Molly Melching: Au Sénégal, les milliers de villages qui ont abandonné collectivement l’excision ont pris cette décision historique avec fierté, sous l’arbre à palabres, et non pas de force, devant les tribunaux ! Lorsqu’on regarde l’exemple du pays où Tostan est né, on voit que l’histoire du processus d’abandon de l’excision ne vient pas de la mise en oeuvre d’une approche juridique, mais de l’appropriation par les communautés d’un programme d’éducation, basé sur les droits humains – en écho aux normes morales qui régissent déjà leurs modes de vie. Le processus d’abandon résulte de la prise de conscience collective des conséquences néfastes de la pratique ainsi que de l’importance de la protection des droits humains et de la possibilité d’un abandon coordonné, inter-communautaire. L’approche de l’abandon de l’excision par le modèle communautaire – « l’abandon collectif » – porte ses fruits depuis 1997. Plus de 3548 communautés au Sénégal se sont engagées dans le mouvement ! Au vu de ses résultats, cette approche respectueuse, compréhensive et positive a été retenue non seulement par le gouvernement du Sénégal, mais aussi par l’ensemble des organismes des Nations Unies dans leur déclaration conjointe interinstitutions de 2008. Les éléments fondamentaux qui ressortent de ce mouvement de masse en faveur de l’abandon de l’excision au Sénégal montrent qu’il est non seulement peu efficace mais encore contre-productif de focaliser les stratégies d’intervention des MGF sur l’approche juridique. Le processus qui mène à l’abandon de l’excision est un processus multisectoriel : à tous les échelons et dans tous les domaines, l’action est concertée. Bien évidemment la justice est concernée, dans le sens où la protection des droits humains de la personne est en jeu, mais elle est concernée au même titre que la santé, l’éducation, la protection de la femme, la solidarité. Au Sénégal, la loi de 1999 a suivi le processus d’abandon qui était en cours depuis le serment de Malicounda Bambara en 1997. La loi est venue accompagner le processus et reconnaître l’importance de l’engagement des femmes de Malicounda, Medina Cherif et Baliga. Elle a été fort controversée ; il est prouvé que la loi – non seulement du fait de la difficulté de son application mais aussi à la suite des violentes réactions qui ont suivi sa promulgation – n’a pas eu un impact direct sur la diminution de la pratique de l’excision. Dans des sociétés où la demande d’excision est universelle, la conséquence de la loi – la punition des parents ou de l’exciseuse – comporte moins de danger que la conséquence de ne pas faire exciser son enfant, qui serait alors isolé socialement et dont les perspectives de mariage seraient anéanties. Peut-on considérer l’ensemble de la population d’un pays comme des criminels ? Nous ne le croyons pas. Les populations qui pratiquent l’excision pensent par là prendre une décision qui va assurer l’avenir des jeunes filles. On a vu certains effets néfastes de la loi se traduire par l’abaissement de l’âge de l’excision et par la pratique clandestine, renforçant les risques directs pour la santé des filles (voir la stratégie coordonnée pour l’abandon de l’excision en une génération, Unicef, 2005). Cela ne veut pas dire que l’approche juridique est inadéquate ; cela dépend de ce que l’on attend comme résultats. Si l’on veut favoriser l’abandon de l’excision de la part des populations, alors l’approche juridique est insuffisante et elle peut créer des réactions qui renforcent la pratique. L’amendement, l’adoption et la mise en application des lois doivent se faire en consultation avec la populations et ses leaders religieux et traditionnels. Elles doivent être accompagnées de campagnes d’éducation et d’information afin de promouvoir le soutien général de la population en faveur de l’abandon de la pratique. Mais l’abandon de l’excision est avant tout le résultat d’un processus participatif, positif, d’évolution sociale au niveau communautaire. Les programmes, comme Tostan, qui ont réussi à faciliter ce résultat à grande échelle, ne portent pas de jugement. Voici un extrait de la déclaration conjointe des Nations Unies (OMS, HCDH, ONUSIDA, PNUD, UNCEA, UNESCO, UNFPA, UNHCR, UNICEF, UNIFEM) : « Il est apparu que les programmes qui incluent des activités d’éducation permettant aux populations de faire des choix, des discussions et des débats qui prévoient des engagements publics et une diffusion organisée permettent d’obtenir le consensus et la coordination nécessaires pour un abandon durable de l’excision au niveau des communautés […] l’éducation visant à une responsabilisation permet aux populations d’examiner leurs propres croyances et valeurs relatives à la pratique d’une manière dynamique et ouverte, qui ne soit pas ressentie ou perçue comme menaçante ».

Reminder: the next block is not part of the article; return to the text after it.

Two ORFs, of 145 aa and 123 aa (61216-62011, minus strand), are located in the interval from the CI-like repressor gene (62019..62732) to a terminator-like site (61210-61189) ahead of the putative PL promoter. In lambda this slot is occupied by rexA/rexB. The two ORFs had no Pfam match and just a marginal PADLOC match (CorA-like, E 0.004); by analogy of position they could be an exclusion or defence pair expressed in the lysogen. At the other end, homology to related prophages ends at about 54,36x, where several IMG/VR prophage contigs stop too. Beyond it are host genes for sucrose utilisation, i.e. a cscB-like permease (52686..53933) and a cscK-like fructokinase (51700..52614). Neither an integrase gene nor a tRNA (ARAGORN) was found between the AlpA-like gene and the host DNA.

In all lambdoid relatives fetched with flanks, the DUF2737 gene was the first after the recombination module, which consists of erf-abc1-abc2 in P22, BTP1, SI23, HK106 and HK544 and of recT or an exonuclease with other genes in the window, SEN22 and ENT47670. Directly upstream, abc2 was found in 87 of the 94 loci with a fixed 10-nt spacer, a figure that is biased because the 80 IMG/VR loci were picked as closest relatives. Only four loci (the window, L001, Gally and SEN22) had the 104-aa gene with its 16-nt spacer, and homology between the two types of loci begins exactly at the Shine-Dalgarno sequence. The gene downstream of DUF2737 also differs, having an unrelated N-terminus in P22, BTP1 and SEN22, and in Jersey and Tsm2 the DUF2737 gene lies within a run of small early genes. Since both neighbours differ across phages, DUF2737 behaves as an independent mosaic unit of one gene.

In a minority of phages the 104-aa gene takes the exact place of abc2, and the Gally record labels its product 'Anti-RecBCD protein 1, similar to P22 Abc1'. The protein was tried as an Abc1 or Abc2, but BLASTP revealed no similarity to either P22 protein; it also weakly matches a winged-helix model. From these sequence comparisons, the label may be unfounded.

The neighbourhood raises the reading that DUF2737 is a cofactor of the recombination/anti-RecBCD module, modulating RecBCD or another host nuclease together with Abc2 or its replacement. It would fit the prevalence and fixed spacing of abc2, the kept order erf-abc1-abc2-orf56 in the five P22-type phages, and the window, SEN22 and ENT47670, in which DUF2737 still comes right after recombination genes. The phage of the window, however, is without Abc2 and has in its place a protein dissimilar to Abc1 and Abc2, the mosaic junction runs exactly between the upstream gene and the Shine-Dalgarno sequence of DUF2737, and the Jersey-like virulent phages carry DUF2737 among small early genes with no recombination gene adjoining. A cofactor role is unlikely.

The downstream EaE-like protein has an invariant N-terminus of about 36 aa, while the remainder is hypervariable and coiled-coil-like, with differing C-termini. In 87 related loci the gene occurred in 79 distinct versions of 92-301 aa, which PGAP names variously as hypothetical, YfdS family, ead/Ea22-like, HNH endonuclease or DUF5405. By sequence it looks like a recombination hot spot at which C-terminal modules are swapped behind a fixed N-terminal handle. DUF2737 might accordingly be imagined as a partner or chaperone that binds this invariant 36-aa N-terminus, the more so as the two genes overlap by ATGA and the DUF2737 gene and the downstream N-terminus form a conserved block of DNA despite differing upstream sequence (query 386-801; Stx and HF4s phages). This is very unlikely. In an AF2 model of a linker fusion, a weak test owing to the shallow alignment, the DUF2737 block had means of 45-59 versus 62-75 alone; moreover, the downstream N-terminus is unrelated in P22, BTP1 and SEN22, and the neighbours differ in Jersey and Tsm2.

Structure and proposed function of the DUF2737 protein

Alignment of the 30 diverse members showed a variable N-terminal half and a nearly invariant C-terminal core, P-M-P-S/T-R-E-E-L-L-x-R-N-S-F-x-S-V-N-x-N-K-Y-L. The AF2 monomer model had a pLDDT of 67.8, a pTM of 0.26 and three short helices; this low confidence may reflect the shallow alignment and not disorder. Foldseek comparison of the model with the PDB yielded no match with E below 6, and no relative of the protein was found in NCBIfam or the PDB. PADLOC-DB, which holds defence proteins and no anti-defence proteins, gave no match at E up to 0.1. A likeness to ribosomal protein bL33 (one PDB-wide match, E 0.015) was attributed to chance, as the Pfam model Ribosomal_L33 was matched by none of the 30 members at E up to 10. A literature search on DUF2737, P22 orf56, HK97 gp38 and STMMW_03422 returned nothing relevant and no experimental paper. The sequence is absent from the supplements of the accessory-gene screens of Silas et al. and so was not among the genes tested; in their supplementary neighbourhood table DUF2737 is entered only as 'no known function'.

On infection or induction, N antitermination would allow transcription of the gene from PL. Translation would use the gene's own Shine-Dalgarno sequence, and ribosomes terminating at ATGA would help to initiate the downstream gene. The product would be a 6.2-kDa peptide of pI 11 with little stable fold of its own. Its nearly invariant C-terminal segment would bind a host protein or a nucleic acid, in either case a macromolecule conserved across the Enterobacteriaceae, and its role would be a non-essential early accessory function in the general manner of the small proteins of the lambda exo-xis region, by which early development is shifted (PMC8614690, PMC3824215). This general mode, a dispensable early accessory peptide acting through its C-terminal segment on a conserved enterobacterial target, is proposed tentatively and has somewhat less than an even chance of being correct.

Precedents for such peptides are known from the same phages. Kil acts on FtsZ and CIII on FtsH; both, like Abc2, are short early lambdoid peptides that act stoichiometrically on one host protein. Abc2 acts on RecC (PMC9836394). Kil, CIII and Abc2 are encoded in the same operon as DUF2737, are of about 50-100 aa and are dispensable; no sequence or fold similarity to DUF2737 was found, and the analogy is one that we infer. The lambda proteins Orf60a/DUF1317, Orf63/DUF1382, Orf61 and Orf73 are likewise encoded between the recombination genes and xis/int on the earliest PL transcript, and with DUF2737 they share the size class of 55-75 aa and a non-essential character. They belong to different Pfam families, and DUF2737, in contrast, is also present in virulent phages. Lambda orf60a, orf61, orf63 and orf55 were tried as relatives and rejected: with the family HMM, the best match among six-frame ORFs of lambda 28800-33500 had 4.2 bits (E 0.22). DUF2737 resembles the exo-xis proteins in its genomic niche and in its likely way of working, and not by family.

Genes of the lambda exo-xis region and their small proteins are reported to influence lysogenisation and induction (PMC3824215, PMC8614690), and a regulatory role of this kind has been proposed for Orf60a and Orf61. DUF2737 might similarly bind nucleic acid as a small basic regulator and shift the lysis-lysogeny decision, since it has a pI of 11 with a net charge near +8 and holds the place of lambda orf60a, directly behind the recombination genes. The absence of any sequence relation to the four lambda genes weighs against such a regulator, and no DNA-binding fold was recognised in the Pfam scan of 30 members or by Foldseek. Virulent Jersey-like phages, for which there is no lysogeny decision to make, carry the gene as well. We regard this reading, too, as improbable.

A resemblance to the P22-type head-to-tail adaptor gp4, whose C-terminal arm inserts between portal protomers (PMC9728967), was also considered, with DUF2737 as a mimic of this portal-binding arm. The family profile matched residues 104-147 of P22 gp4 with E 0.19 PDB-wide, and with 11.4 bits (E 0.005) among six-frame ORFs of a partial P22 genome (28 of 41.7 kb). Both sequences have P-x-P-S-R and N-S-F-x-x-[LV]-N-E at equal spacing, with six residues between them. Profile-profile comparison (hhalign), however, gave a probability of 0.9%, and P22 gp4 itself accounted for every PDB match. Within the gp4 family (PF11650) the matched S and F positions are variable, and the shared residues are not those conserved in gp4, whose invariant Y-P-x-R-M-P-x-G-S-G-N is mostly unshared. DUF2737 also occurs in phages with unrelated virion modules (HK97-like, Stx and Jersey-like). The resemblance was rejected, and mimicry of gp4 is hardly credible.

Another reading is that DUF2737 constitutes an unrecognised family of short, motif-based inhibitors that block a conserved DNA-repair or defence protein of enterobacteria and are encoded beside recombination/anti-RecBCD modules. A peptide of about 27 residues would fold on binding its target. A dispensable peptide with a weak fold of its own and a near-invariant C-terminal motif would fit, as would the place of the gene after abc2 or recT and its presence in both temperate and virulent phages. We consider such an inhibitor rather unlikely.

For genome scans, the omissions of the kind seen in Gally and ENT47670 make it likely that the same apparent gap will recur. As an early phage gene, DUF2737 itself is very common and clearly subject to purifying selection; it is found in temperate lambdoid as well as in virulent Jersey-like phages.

Hanny Lightfoot-Klein: dearest Molly Melching, It’s been rather a long time since we have spoken personally, but I’ve kept up to date on your extremely important work. At the moment I am in Pittsburgh, PA, and doing some consciousness raising among the undergrads and also graduate students and faculty at Chatham University for the next two weeks. I have brought with me the documentary the Morgan Pollok did a couple of years ago about your work and mine. I’m still writing, and lecturing and serving as expert witness in US asylum court and UK tribunals. To date I have won asylum for more than 110 women, and even more importantly, their daughters. It’s a wonderful “last career” for an old lady like me. I’m 82 years old by now and still going strong. My 30 years of involvement are of course nothing compared to your 38 in Africa. I am so happy for your successes. I have always known that the 4th decade would be the crucial one, and that we are finally beginning to see some real change taking place. I have also brought with me a circumcision knife that was not among those that was buried somewhere in the desert in a laying down of knives ceremony. It was sent to me instead, and I plan to live long enough to be able to finally bury it as well. I would love to hear from you.